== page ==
'In the parable Jesus told in the Gospels, the man who buried his talent in the ground was blamed for wasting the gifts God had given him,' said David Sheppard, the Bishop of Liverpool, who launched the report. 'Every citizen owes it to the nation to bring the best ability he or she has for the good of the whole. Companies which throw applications from foreign- sounding names in the bin are guilty of burying people's talents in the ground, and wasting God-given gifts,' he said.
The bishop said the Church's expanding work with ethnic minorities, and the number of black worshippers, provided the Church with a role in persuading companies to be fair employers.
'A group of young black people asked to meet some church leaders in a 24-hour seminar. I found it a bruising experience: they looked at us and said, 'You know some of these powerful people. Why don't you tell them how it is for us?' '
A set of 10 principles has been produced by the Church of England's Race Equality in Employment Project. They are referred to as Wood-Sheppard principles, after the bishops of Croydon and Liverpool, who have sponsored the initiative. It is supported by the CBI.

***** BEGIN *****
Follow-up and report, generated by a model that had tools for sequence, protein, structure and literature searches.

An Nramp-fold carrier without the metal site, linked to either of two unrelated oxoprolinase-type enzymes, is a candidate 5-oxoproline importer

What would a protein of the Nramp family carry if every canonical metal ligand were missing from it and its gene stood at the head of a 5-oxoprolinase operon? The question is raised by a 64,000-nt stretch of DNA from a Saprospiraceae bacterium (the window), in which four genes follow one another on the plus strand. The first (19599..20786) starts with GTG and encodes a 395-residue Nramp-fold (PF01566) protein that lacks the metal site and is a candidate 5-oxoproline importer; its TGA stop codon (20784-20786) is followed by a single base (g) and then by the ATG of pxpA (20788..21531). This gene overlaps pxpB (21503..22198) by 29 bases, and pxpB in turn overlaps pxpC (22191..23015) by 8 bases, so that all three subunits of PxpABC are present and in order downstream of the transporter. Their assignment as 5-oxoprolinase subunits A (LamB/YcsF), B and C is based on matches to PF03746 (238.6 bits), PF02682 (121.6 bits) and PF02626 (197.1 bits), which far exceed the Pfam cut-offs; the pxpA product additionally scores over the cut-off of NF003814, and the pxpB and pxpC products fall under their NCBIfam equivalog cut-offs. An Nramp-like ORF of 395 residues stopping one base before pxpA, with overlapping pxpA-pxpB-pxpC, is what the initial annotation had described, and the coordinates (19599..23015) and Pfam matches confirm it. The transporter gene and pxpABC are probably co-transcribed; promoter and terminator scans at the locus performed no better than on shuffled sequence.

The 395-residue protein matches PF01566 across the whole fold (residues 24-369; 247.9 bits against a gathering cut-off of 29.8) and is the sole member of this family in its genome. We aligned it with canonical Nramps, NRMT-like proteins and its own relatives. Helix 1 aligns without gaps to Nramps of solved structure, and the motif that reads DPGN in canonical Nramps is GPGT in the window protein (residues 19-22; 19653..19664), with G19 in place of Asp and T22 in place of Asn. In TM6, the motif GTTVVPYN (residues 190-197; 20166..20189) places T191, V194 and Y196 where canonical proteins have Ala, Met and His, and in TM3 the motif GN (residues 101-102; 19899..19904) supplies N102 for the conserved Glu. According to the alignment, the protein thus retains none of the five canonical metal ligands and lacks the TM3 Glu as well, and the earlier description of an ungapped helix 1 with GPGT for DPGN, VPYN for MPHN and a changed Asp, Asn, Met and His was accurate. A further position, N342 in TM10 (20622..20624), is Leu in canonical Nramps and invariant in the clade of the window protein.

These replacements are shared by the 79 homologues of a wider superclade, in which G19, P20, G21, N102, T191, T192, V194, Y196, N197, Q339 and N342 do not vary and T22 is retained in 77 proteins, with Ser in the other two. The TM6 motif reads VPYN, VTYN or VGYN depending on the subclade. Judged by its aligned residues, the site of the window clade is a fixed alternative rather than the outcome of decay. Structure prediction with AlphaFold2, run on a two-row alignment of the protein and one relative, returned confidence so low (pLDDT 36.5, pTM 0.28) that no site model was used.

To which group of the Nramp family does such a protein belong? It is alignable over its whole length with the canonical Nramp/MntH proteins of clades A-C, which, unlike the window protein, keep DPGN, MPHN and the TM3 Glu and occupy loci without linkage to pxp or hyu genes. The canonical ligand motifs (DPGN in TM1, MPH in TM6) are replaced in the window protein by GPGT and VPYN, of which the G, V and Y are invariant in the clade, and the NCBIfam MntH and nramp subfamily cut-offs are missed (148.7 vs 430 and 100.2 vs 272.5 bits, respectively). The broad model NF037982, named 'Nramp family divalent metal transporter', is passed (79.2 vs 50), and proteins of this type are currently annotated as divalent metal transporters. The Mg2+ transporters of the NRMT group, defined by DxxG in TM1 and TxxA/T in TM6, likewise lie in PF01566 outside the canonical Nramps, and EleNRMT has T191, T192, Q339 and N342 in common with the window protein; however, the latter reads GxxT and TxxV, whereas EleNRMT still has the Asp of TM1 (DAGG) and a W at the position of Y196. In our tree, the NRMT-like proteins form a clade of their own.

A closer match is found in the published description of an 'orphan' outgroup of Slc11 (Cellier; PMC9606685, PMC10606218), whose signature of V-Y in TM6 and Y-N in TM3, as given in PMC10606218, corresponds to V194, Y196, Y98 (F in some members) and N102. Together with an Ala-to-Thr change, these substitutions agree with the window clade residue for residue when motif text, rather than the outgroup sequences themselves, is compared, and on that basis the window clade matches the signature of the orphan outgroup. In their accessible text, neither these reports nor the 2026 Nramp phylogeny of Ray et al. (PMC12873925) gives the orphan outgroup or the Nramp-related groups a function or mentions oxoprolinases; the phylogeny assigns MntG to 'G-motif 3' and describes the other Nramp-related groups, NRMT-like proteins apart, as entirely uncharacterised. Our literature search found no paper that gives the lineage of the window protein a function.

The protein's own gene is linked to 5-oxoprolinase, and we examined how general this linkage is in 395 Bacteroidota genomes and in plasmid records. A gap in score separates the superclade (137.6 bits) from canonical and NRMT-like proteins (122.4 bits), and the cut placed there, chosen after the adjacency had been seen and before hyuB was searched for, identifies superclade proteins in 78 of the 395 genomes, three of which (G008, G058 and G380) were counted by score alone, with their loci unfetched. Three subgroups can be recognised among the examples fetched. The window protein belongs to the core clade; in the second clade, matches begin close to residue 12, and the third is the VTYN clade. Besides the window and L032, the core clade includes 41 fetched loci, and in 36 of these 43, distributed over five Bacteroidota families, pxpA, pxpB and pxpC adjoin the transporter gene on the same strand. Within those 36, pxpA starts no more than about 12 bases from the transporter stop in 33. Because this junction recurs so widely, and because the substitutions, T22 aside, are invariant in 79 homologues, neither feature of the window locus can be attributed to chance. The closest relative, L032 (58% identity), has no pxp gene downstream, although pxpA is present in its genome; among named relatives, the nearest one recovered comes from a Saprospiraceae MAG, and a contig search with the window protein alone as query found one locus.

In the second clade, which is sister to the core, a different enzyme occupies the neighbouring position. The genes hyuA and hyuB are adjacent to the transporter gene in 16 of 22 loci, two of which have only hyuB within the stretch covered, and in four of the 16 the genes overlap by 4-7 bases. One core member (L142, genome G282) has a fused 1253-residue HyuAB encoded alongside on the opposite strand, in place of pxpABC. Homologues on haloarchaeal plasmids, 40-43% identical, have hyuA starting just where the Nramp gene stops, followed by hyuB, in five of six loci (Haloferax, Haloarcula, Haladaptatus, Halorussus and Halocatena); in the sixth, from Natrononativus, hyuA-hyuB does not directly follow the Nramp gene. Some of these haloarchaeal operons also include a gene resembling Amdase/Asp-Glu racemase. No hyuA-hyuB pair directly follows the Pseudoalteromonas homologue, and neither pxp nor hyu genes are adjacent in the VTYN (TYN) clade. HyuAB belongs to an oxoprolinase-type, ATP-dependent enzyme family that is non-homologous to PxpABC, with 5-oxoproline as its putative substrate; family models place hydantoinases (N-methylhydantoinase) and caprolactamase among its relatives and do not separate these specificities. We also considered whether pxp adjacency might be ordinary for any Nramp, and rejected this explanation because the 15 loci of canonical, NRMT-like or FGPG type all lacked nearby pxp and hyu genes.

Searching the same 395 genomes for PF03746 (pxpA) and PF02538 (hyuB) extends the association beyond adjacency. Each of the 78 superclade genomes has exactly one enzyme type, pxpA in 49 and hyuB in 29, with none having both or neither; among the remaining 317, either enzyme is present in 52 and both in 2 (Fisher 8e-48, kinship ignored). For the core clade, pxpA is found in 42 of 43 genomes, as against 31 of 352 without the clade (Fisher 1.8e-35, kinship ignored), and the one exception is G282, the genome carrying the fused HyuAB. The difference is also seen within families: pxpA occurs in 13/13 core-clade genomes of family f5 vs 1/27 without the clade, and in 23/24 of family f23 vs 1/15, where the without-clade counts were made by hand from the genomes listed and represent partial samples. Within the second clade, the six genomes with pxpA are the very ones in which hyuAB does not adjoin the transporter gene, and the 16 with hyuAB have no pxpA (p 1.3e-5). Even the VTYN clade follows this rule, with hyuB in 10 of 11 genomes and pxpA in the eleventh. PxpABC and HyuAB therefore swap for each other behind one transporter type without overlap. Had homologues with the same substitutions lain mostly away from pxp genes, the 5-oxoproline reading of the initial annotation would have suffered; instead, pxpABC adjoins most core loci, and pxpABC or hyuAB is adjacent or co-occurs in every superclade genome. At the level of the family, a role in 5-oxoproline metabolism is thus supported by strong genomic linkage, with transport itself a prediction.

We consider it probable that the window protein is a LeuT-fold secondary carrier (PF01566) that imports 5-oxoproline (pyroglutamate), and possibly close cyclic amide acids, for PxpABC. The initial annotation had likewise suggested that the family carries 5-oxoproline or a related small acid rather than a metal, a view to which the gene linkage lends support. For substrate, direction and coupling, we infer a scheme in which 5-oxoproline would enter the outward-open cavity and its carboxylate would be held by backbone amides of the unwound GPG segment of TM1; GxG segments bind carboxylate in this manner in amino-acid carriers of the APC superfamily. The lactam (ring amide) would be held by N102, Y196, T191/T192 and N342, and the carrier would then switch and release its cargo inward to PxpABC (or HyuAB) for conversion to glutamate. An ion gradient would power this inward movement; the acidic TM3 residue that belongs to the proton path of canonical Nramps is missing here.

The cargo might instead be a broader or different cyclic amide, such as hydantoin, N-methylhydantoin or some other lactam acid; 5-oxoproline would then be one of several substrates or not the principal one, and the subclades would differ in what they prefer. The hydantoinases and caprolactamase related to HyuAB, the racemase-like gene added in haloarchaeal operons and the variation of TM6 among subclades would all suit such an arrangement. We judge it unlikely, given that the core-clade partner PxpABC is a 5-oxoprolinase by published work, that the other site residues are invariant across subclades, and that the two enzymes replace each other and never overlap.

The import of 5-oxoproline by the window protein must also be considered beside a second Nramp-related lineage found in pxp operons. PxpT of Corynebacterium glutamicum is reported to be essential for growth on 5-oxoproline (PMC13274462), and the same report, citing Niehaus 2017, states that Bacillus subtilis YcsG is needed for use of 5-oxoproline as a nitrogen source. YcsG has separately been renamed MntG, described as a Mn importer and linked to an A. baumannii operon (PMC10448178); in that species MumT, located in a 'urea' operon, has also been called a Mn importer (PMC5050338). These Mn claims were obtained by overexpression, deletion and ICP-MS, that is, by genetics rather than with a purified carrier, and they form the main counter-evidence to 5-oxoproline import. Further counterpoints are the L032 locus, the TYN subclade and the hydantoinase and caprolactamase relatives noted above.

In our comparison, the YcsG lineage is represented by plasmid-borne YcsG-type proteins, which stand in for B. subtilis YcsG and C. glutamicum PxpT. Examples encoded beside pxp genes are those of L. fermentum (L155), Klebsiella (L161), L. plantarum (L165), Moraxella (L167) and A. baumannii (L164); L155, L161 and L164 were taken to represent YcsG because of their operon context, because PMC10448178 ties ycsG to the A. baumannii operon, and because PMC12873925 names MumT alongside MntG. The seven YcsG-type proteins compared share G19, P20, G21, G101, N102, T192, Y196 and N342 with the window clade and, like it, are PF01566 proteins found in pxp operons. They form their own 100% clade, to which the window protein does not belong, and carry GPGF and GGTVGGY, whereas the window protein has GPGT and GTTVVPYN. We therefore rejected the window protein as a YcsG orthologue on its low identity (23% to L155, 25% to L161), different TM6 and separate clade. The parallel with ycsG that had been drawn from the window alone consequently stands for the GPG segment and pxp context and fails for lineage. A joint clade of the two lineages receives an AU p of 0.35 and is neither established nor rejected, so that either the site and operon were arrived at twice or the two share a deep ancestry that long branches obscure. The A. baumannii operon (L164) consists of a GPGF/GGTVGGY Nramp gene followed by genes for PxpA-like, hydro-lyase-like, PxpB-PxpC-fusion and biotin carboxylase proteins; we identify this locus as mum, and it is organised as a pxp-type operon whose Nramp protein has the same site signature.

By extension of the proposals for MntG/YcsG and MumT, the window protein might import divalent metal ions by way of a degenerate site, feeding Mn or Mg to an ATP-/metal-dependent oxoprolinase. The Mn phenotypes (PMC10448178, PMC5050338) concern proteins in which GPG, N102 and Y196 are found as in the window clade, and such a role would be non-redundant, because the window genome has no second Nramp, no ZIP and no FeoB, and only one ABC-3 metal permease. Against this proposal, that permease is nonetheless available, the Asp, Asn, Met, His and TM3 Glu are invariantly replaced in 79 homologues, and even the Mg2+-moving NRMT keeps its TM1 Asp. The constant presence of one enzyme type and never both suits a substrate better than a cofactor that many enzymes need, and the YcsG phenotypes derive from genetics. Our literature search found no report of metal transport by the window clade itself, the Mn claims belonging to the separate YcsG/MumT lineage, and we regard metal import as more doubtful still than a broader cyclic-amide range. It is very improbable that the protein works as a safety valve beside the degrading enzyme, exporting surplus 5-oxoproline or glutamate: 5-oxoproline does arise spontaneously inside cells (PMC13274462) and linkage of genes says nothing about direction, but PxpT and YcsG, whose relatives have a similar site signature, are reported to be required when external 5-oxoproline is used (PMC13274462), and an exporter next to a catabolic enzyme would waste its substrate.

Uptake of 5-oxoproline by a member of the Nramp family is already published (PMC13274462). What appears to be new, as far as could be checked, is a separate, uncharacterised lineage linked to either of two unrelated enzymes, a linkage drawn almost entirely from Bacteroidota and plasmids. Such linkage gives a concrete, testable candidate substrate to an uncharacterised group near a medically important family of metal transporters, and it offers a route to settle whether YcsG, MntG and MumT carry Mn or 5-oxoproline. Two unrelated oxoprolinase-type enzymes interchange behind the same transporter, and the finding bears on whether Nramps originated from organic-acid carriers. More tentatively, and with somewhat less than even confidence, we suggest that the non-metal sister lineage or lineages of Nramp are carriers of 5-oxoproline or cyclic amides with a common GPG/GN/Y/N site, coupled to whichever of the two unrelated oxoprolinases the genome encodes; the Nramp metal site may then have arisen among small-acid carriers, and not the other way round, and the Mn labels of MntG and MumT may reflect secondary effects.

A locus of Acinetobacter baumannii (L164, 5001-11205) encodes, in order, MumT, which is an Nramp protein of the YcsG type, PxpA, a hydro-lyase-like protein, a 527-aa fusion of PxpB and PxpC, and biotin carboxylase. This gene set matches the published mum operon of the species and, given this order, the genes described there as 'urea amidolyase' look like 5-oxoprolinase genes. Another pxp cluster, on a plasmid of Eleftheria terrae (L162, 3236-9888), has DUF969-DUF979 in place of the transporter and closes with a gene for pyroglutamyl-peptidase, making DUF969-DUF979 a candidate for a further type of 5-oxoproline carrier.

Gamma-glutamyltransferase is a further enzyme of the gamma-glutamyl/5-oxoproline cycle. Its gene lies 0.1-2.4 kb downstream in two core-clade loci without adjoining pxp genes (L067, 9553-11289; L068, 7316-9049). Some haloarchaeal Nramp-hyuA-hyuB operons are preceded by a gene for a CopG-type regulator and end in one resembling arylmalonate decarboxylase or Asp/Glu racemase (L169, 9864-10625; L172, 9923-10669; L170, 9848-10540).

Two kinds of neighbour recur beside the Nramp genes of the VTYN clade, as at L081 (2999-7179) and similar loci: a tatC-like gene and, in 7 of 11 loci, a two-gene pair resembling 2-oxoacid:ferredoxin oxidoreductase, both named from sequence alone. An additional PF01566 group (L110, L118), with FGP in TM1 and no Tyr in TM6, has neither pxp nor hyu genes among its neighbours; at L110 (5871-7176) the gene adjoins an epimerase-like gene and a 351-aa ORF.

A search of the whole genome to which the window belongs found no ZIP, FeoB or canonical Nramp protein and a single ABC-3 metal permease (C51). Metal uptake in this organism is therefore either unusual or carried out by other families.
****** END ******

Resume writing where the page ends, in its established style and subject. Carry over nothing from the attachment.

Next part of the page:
The principles cover issues such as equal opportunity policies, additonal training for members of ethnic minorities, and racial discrimination and harassment. They also stress the importance of monitoring. For example, the success of a fair recruitment campaign should be reflected in the annual report.
Wilfred Wood, the Bishop of Croydon, said: 'If we are to have in this country a nation at ease with itself, in which people of many colours and ethnic groups are fiercely proud of their sense of belonging, there must be no racial barriers, and the only requirements for success should be ability, integrity and self-respect. In this regard, employment opportunities are of paramount importance.'
Both bishops have for many years been leading advocates of racial equality. The Right Rev Wood is the Church of England's only black bishop, while Dr Sheppard was formerly a Test cricketer. He was an influential figure in the campaign to boycott South Africa as a Test- playing nation.
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